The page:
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You are here: MacNN Forums > Software - Troubleshooting and Discussion > macOS > the official WHY I HATE OSX thread

the official WHY I HATE OSX thread (Page 2)
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wyatt
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Mar 25, 2007, 07:20 PM
 
Well, my biggest complaint is the loss of the Apple Menu, which I could configure as complex as I needed.

This Dock thing is just too juvenile. It's the kiddie Duplo block version.
     
imacfly  (op)
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Mar 25, 2007, 08:38 PM
 
I came along this morning and looked at a couple posts here and had this great analogy lined up about how internet forums are like hen houses. You walk in and the rooster sees you but keeps quiet. As soon as you walk out, however, he starts puttin' up a huge fuss and makes a lot of noise.

Anyway, I'm glad to see that some are lettin' the monkey off.
     
Mrjinglesusa
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Mar 25, 2007, 09:22 PM
 
Originally Posted by imacfly View Post
I came along this morning and looked at a couple posts here and had this great analogy lined up about how internet forums are like hen houses. You walk in and the rooster sees you but keeps quiet. As soon as you walk out, however, he starts puttin' up a huge fuss and makes a lot of noise.

Anyway, I'm glad to see that some are lettin' the monkey off.
Your point being? Nevermind, I think I know. You think everyone should check and make sure you are "online" before they post in your thread.
2.3GHz i7 15" Retina Macbook Pro (Late 2013)
     
pyrite
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Mar 25, 2007, 10:15 PM
 
this thread is ridiculous.

if you hate OS X so much, either use something else or bugger off... we've got better things to do than solve your petty qualms with an operating system that trumps OS 9 in almost every department
Hear and download my debut EP 'Ice Pictures' for free here
     
imitchellg5
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Mar 25, 2007, 10:20 PM
 
I agree with pyrite. The reality of the situation is that you can't use OS 9 forever. I love OS 9 don't get me wrong. I still have it on my Digital Audio. But OS X is superior in everyway. It runs way faster and smoother than OS 9 and I can run all the latest apps.
     
steve626
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Mar 25, 2007, 11:02 PM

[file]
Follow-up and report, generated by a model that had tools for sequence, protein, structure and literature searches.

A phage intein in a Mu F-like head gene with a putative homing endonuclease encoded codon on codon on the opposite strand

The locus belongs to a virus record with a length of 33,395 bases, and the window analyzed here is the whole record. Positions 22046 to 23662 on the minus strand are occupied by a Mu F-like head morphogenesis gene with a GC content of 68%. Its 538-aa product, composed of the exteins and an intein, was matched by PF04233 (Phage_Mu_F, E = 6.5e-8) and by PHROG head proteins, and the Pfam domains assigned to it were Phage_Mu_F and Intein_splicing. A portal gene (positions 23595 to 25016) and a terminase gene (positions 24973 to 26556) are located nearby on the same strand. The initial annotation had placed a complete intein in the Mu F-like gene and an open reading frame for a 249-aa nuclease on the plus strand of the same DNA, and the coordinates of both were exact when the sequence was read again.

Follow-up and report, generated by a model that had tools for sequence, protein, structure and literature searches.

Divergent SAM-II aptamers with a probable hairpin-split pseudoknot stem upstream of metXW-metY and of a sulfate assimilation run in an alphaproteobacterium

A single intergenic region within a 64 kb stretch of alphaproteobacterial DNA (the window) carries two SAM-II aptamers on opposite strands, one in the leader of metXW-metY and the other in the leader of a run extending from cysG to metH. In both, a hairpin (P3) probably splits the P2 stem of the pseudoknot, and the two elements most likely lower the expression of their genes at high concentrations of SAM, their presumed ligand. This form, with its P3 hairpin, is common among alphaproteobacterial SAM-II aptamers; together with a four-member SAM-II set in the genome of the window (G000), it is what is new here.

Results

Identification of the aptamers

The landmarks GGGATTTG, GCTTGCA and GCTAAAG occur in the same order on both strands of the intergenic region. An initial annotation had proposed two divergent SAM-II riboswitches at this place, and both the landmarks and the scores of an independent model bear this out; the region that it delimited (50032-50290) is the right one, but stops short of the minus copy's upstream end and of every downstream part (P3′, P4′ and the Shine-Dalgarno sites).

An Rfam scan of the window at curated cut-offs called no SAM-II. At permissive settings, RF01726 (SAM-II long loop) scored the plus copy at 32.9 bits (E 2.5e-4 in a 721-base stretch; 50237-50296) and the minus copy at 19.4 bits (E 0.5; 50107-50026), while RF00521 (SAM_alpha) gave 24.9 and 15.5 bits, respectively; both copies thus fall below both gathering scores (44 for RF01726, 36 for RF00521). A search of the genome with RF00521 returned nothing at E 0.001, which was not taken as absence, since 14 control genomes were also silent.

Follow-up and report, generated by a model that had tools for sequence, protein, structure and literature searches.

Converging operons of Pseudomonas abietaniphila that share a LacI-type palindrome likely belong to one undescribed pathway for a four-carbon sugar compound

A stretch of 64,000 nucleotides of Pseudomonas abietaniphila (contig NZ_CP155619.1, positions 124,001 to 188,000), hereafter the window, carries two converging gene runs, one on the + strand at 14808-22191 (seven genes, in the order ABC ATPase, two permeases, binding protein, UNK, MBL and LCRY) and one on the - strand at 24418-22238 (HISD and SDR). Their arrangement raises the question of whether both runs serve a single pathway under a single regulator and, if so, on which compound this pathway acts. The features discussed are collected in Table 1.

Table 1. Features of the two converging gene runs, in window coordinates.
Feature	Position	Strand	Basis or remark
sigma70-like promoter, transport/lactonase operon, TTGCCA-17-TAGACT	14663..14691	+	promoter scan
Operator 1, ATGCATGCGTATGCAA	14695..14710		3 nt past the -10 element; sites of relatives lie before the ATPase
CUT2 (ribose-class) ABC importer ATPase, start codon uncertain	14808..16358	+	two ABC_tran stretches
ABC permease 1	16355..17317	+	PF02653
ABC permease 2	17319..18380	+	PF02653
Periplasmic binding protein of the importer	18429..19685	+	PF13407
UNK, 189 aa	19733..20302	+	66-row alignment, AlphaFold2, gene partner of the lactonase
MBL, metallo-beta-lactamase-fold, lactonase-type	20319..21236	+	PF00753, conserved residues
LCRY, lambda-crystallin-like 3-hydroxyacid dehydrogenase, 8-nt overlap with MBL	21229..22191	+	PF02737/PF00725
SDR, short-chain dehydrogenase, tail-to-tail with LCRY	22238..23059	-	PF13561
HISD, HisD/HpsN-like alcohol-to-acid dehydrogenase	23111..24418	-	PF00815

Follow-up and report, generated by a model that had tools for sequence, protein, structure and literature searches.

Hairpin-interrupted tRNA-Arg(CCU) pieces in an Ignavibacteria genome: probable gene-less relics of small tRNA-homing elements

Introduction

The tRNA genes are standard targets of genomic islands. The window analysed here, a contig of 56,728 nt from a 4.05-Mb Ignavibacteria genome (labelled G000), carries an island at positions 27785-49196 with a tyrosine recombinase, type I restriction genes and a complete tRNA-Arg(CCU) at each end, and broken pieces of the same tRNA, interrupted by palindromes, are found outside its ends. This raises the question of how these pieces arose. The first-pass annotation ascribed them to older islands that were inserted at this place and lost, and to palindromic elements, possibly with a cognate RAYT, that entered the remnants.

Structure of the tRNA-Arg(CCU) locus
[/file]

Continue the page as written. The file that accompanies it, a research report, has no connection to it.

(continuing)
I have one good thing to add about OS X, and one not so good thing.

The good thing -- OS X has dramatically revived interest in the Macintosh computers. Of course some might claim it's the iPod that did this, but I don't really think that's the whole story. I work at a facility where instruments and spacecraft are built for Earth orbiting and interplanetary applications. We have ~ 5000 "rocket scientists" here. Back in the OS 9 days, about 15% of this organization was using Macs, the rest were using PCs. Over the last 5 years or so, as people got exposed to Mac OS X, the number of Mac users here has grown to 40% or more of the organization. Now that Parallels is out, my employer makes it very easy, making the latest Intel Macs available with Parallels and Windows Xp pre-installed and configured. More and more of the engineers and managers are switching to Macs, I think the Macs may outnumber the PCs soon, with Parallels they keep the access to WIndows if it's needed for something. If Apple had stuck with OS 9, this resurgence in interest in the Mac would probably not have happened.

Now my OS X complaint -- it's not easy to share just a folder or two like one used to be able to do in OS 9. I understand the reasons for this, which have to do with Unix architectures, but I liked the ability to share certain specified folders in OS 9. There is a program called Sharepoints that does something like this in OS X, but it is not a perfect solution and it would be nicer if this functionality were built into OS X.
     
Brass
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Mar 26, 2007, 12:28 AM
 
Originally Posted by steve626 View Post
Now my OS X complaint -- it's not easy to share just a folder or two like one used to be able to do in OS 9. I understand the reasons for this, which have to do with Unix architectures, but I liked the ability to share certain specified folders in OS 9. There is a program called Sharepoints that does something like this in OS X, but it is not a perfect solution and it would be nicer if this functionality were built into OS X.